Four months after her husband's assassination, Jacqueline Kennedy gave a series of candid interviews to historian Arthur Schleshinger, Jr. Her daughter Caroline Kennedy released the interview tapes -- eight hours of audio -- in conjunction with the oral history in book form on Wednesday.
1. She pronounced her first name Jack-leen, the French way.
2. Speaking of French, Jackie Kennedy spoke three foreign languages -- Spanish, French, and Italian -- fluently. Here she is in Mexico addressing an audience in Spanish, while her husband looks proudly on: (Continued after the jump)
3. While JFK was President, John and Jackie Kennedy had a third child, a son named Patrick, who was born five weeks premature and died two days later. Jackie said her husband, who adored children, was shattered by the loss. He came back from Boston to me in the hospital and he walked in the morning about 8 in my room, and just sobbed and put his arms around me, she said.
4. Jackie Kennedy was not a huge fan of Lydon Johnson or his wife, Ladybird Johnson. She told Schleshinger that her husband feared an instance in which LBJ would inherit the Presidenency. Oh, God, can you ever imagine what would happen to the country if Lyndon was president? she quotes JFK as saying.
5. Kennedy was very concerned with the way her reputation impacted her husband's image. Jackie was thrilled when she gained the approval of the American public after JFK took office -- but for the sake of her husband. Suddenly, everything that'd been a liability before - your hair, that you spoke French, that you didn't just adore to campaign, and you didn't bake bread with flour up to your arms - you know, everybody thought I was a snob and hated politics, she told Mr. Schlesinger of her pre-White House image. I was so happy for Jack after that changed, especially now that it was only three years together that he could be proud of me then, Jackie said. Because it made him so happy - it made me so happy. So those were our happiest years.
6. This may not come as a huge shock to those familiar with Jackie Kennedy, but she was hardly a feminist -- in the tapes she described her marriage as rather terribly Victorian or Asiatic. She believed that a woman's pupose was to make a peaceful and happy home for her husband -- and she performed her housewife duties with relish, even when the pressure was on. Sometimes at the end of the day you just felt one jump away from tears, but you wanted to be so cheerful for Jack when he came home. Here is the First Lady giving an exclusive White House tour to CBS broadcaster Charles Collingwood:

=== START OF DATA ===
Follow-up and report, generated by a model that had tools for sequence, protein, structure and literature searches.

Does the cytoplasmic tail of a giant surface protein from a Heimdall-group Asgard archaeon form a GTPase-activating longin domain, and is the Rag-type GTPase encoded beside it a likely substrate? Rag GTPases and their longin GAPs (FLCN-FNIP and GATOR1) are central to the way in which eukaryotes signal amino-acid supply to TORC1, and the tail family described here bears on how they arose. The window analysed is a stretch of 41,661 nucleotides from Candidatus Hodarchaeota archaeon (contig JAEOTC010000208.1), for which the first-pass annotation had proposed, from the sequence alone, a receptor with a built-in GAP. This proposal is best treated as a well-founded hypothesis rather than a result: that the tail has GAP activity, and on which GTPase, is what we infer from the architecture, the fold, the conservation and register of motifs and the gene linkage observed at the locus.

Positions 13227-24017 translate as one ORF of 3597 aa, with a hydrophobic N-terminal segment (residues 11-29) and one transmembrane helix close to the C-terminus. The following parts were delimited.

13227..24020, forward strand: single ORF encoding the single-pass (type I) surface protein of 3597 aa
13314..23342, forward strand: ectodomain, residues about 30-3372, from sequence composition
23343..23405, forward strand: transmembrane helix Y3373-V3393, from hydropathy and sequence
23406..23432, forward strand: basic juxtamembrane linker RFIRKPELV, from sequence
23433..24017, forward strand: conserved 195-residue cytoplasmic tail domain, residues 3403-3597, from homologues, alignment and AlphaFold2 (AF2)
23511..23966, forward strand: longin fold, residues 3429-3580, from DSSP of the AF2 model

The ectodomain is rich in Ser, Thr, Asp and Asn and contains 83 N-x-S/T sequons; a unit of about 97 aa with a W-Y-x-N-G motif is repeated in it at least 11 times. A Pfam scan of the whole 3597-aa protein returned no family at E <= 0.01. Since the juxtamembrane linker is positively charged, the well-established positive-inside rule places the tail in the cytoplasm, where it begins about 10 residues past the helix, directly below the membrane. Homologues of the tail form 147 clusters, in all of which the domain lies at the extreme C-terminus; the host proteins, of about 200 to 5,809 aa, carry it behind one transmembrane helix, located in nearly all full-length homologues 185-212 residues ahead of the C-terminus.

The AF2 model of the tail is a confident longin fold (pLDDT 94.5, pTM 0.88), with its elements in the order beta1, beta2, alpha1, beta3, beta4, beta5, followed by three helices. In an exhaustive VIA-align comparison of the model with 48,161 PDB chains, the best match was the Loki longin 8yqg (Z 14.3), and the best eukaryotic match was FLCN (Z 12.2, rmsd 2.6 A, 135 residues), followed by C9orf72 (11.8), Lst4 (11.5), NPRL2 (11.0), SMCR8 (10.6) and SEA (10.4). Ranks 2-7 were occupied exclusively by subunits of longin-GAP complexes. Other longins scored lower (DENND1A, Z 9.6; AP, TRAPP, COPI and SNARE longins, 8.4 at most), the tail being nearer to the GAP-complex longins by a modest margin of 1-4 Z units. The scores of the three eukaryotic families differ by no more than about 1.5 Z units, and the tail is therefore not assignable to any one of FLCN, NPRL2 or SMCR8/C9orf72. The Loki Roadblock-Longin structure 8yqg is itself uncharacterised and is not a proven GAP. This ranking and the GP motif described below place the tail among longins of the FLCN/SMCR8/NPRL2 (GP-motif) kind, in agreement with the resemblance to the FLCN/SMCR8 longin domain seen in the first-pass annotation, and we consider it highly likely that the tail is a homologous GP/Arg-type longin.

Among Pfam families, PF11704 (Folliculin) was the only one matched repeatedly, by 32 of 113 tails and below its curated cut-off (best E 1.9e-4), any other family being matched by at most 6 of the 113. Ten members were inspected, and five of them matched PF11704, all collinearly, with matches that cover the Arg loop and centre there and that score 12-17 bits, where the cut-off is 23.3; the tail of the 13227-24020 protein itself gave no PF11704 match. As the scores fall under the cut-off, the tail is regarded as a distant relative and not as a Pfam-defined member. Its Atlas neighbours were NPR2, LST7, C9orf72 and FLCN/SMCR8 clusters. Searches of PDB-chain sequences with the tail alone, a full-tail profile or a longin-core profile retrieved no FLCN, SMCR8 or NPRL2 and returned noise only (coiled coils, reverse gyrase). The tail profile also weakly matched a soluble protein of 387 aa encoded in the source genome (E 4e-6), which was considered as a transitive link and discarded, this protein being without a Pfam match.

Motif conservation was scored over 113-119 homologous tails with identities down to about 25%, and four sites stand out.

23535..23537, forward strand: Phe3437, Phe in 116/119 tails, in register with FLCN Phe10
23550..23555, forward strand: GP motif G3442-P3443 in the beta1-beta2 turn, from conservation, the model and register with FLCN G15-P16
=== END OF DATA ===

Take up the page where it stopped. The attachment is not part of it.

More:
7. Kennedy came to dislike Martin Luther King, Jr. -- but for a very specific reason: She was told that he was disrespectful at JFK's funeral. He made fun of Cardinal Cushing and said that he was drunk at it [the funeral], Kennedy told Shleshinger. And things about they almost dropped the coffin. I just can't see a picture of Martin Luther King without thinking, you know, that man's terrible, Kennedy said in a newly-released book featuring transcripts of the Kennedy tapes. Also an issue was that King reportedly set up an orgy while staying at a hotel in 1963 for the March on Washington.
8. Jackie was willing to put herself and her children in grave danger in order to stay by her husband's side during the Cuban missile crisis. If anything happens, we're all going to stay right here with you, she recounted saying to JFK in October 1962. I just want to be with you, and I want to die with you, and the children do, too - than live without you.
9. Kennedy believed politics were strictly a man's game. I think women should never be in politics. We're just not suited to it. (This comment is particularly interesting, as Jackie is believed to have had significant influence over her husband's personnel decisions.)
10. Despite her own lineage, Jacqueline Bouvier Kennedy -- who studied at the Sorbonne in Paris -- disliked the French. I loathe the French, she said in the tapes. They're really not very nice; they're all for themselves.
Jacqueline Kennedy: Historic Conversations on Life with John F. Kennedy, a book compilation of the oral history, was released Wednesday.